Seabear: We Built an Album | Under the Radar - Music Magazine
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Seabear

We Built an Album

Jun 21, 2010 Web Exclusive
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The music of Icelandic collective Seabear does nothing to counter the common misconception that all the country does is pump out ethereal harmonies with otherworldly grace. The Jónsi-recommended band has gathered a string of positive reactions from fans and press alike for charming recent release, We Built a Fire, their first since bandleader Sindri Már Sigfússon expanded the project from a solo affair to official full band.

Under the Radar caught up with bandleader Sigfússon via email, who told us about his forays into visual art, a childhood filled with Michael Jackson, and the (potential) calming effects the new album might have on misbehaving kids.

Laura Studarus: Describe the recording process for the new album. I understand it was very "back to basics." Has it changed as you evolved to a full band?

Sindri Már Sigfússon: Yes it was pretty much standard band way of making a record. Making them up in the rehearsal room, playing a few live and then recording them. When I was doing the first album and my solo album it was more made up as it went along with the recordings. For the album we, of course, tried a few different things, so the songs don't sound exactly like they do live but they're pretty close.

The new album feels a bit more aggressive than your previous work. Did you bring any new influences to the table this time?

I think when you are touring and playing live, a lot the songs tend to get faster and louder, so I guess that probably influenced the new songs. We all have pretty different music taste so it all mixes together, I guess.

Describe the evolution from solo project to seven-member band. Was it an "everyone in" kind of moment, or did you add member by member?

Everyone started out as session players but as we played more live we just all of the sudden had a set lineup of people. 

How does collaborative songwriting compare to solo-songwriting? Was there a bit of a learning curve?

I think it was pretty easy to write together as we have played a lot together the last few years. When I'm writing for my solo stuff it takes a bit shorter though, and it's more made up as I go along.

Tell us about the title We Built a Fire. Does it have a particular meaning for you?

We wanted to use something from the lyrics of the album. I guess it kind of means we did this together. But it also just sounds nice and I think the words are funny together. To build a fire sounds kind of strange.

How do the new songs translate to a live setting? 

It's changed quite a bit over the years. Now we always have a horn player with us. Some parts are really slow and delicate while others are upbeat and fun.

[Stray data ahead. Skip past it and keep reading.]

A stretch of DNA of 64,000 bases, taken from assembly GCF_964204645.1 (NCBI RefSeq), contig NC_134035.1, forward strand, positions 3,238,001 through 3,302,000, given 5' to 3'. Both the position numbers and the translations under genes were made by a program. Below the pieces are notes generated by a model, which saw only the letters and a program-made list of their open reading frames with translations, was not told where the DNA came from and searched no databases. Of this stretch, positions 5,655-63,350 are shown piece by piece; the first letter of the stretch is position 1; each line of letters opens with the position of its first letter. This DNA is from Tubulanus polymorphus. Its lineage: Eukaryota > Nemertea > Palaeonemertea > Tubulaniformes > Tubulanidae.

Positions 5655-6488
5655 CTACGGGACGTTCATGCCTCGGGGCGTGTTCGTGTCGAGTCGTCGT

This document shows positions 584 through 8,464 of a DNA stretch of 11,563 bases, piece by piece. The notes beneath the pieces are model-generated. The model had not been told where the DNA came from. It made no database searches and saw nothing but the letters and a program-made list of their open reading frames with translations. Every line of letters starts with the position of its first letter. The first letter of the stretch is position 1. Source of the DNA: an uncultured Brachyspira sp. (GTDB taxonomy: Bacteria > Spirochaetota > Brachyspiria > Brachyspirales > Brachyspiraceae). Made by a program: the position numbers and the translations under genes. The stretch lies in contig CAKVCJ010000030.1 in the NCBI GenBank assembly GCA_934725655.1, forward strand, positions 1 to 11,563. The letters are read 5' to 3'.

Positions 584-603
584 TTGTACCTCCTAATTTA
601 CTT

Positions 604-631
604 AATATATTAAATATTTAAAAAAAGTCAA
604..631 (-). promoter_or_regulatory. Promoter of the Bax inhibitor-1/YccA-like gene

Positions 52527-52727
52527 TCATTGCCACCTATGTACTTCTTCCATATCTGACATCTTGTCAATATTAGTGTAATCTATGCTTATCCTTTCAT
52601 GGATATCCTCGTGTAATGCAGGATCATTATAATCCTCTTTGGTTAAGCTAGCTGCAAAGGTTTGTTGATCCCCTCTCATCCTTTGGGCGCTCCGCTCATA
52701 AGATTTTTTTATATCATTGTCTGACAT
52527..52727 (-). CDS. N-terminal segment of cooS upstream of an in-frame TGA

How do you balance Seabear and your solo project (Sin Fang Bous)? How do they influence each other?

I'm doing my solo thing most of the time. We do band stuff when we're together now. Like practicing together and stuff. In the day when I go to the studio I just work on my solo thing.

Why did you choose to sing in English?

No special reason. I guess when you start making music you want to do something like your musical heroes and all my favorite musicians sing in English. And I mean since I was 5-6 years old (Michael Jackson and Prince at that time). But singing in Icelandic isn't out of the picture for me at some point. I think the most important question with music is always just, is it good?

What are your first musical memories? Which songs, albums, music defined your childhood?

Listening to Michael Jackson a lot and singing along in my Sony recorder thing. Also trying to convince my mother that Bruce Springsteen was singing "Born in a USA" not "Born in the USA."

Iceland tends to be generalized as a place filled with ethereal music. How would you describe your sound?

I'm not sure how I would describe our sound. I think the songs on the album are a bit here and there, style-wise. I don't know if we break the mold in any way but when we are working we like to think, 'how would we do this in a way that it wouldn't be typical,' but I'm not sure if that translates out in the music or if it's just some hidden stuff for us to enjoy.

You're an amazing visual artist, what's your favorite medium? How do you feel your art and your music inform each other?

Well that's very kind of you to say. I like to draw and paint and when I'm doing that I like to listen to music a lot. Some people have compared my music to my drawings as being lots of layers put on top of each other.

In several interviews with other magazines. [Seabear member] Soley Stefánsdóttir, has mentioned the importance of the "tour tattoo." How did that tradition come about?

The boys in the band have a few tattoos that we've gotten on tour together and we're always drawing in a little book in the tour. Sometimes the drawings end up as tattoos.

Where do you see Seabear heading in the future? Do you have a five or ten year plan?

We'll be touring a bit now and then starting to work on a new album when we feel like it.

In an Internet-filled world, it seems we can get our hands on any info. What would your growing fan base be surprised to learn about you?

The German musician Scooter called our first album "Music to calm down naughty children" in a German music magazine intro.

(www.seabearia.com)



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